By Chris Chinn, pig farmer

Are you worried about antibiotic use on farms? What mixed messages have you heard and how do you know what to believe? As a farmer, I challenge you to take a step back and learn what antibiotics really are and how farmers use them.

SUBWAY recently made the announcement that it will transition to serving only protein from animals that have never received antibiotics. I understand consumers’ desire – and I’m one of them – to understand more about the food they’re buying and eating. As a mother and farmer, I would never feed my family something that is not safe.

Having worked with animals, I can also tell you that some of what you may hear or read about antibiotics is a myth. Antibiotics are just one option in our toolbox that we use only when necessary. We use them as a medicine to treat sick animals – not doing so would be irresponsible, inhumane and cause needless suffering.

In the same way people interact with their doctor when they’re sick, veterinarians are our animals’ doctors – when our pigs are sick, the veterinarian will work with us to analyze symptoms and prescribe medication. Antibiotics are administered under the guidance of our veterinarian, including directions for usage and dosage.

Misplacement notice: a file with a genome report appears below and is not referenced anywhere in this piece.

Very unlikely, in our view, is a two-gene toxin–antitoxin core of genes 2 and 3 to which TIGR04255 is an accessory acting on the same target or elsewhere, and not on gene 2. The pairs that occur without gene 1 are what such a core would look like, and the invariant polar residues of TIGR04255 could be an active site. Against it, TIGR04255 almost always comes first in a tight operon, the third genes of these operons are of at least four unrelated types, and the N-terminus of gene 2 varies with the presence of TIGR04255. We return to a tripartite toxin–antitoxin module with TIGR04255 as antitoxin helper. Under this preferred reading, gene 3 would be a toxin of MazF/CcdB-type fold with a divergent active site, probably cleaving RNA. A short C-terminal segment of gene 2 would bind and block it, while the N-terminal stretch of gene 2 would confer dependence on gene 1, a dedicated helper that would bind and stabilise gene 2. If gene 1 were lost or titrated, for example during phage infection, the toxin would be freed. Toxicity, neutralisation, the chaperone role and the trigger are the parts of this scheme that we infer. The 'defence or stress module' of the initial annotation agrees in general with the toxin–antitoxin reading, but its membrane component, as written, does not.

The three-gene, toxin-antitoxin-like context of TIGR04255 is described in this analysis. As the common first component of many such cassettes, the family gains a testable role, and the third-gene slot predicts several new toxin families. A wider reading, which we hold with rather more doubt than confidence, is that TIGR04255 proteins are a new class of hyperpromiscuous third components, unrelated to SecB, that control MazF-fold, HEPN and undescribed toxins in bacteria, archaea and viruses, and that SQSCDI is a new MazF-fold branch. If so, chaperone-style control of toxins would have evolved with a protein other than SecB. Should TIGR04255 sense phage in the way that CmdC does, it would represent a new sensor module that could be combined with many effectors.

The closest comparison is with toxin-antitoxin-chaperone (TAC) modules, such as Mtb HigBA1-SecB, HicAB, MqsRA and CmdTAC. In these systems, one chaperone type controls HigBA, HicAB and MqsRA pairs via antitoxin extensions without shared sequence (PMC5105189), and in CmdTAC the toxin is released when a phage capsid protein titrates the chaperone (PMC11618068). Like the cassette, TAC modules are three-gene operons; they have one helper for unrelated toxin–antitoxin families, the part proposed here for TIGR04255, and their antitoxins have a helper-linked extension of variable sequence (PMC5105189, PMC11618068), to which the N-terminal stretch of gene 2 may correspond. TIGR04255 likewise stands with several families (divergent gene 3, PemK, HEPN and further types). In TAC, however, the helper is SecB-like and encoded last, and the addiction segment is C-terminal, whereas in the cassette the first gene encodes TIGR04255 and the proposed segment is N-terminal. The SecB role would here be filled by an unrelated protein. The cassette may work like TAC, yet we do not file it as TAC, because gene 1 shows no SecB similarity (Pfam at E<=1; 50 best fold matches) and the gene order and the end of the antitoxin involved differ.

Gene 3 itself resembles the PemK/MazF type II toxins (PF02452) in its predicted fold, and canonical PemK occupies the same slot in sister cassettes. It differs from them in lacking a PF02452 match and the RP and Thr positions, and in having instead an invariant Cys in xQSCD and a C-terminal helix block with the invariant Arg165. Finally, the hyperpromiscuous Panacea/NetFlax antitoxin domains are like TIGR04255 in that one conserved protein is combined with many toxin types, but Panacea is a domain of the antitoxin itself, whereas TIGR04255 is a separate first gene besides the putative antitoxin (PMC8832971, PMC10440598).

In addition, we closely monitor animals that we’ve given medication/antibiotics to, and we keep records to ensure the pigs have met strict withdrawal times for the antibiotics to have left their systems. To keep antibiotic residue out of food, it’s actually against the law for us to market a pig that hasn’t completed this withdrawal period.

The appropriate use of antibiotics on farms when animals are sick is important, not only for the health and well-being of the animal but also to ensure we as farmers and ranchers continue to raise animals that become part of a safe food supply. It’s a responsibility we take seriously, for our own families and yours.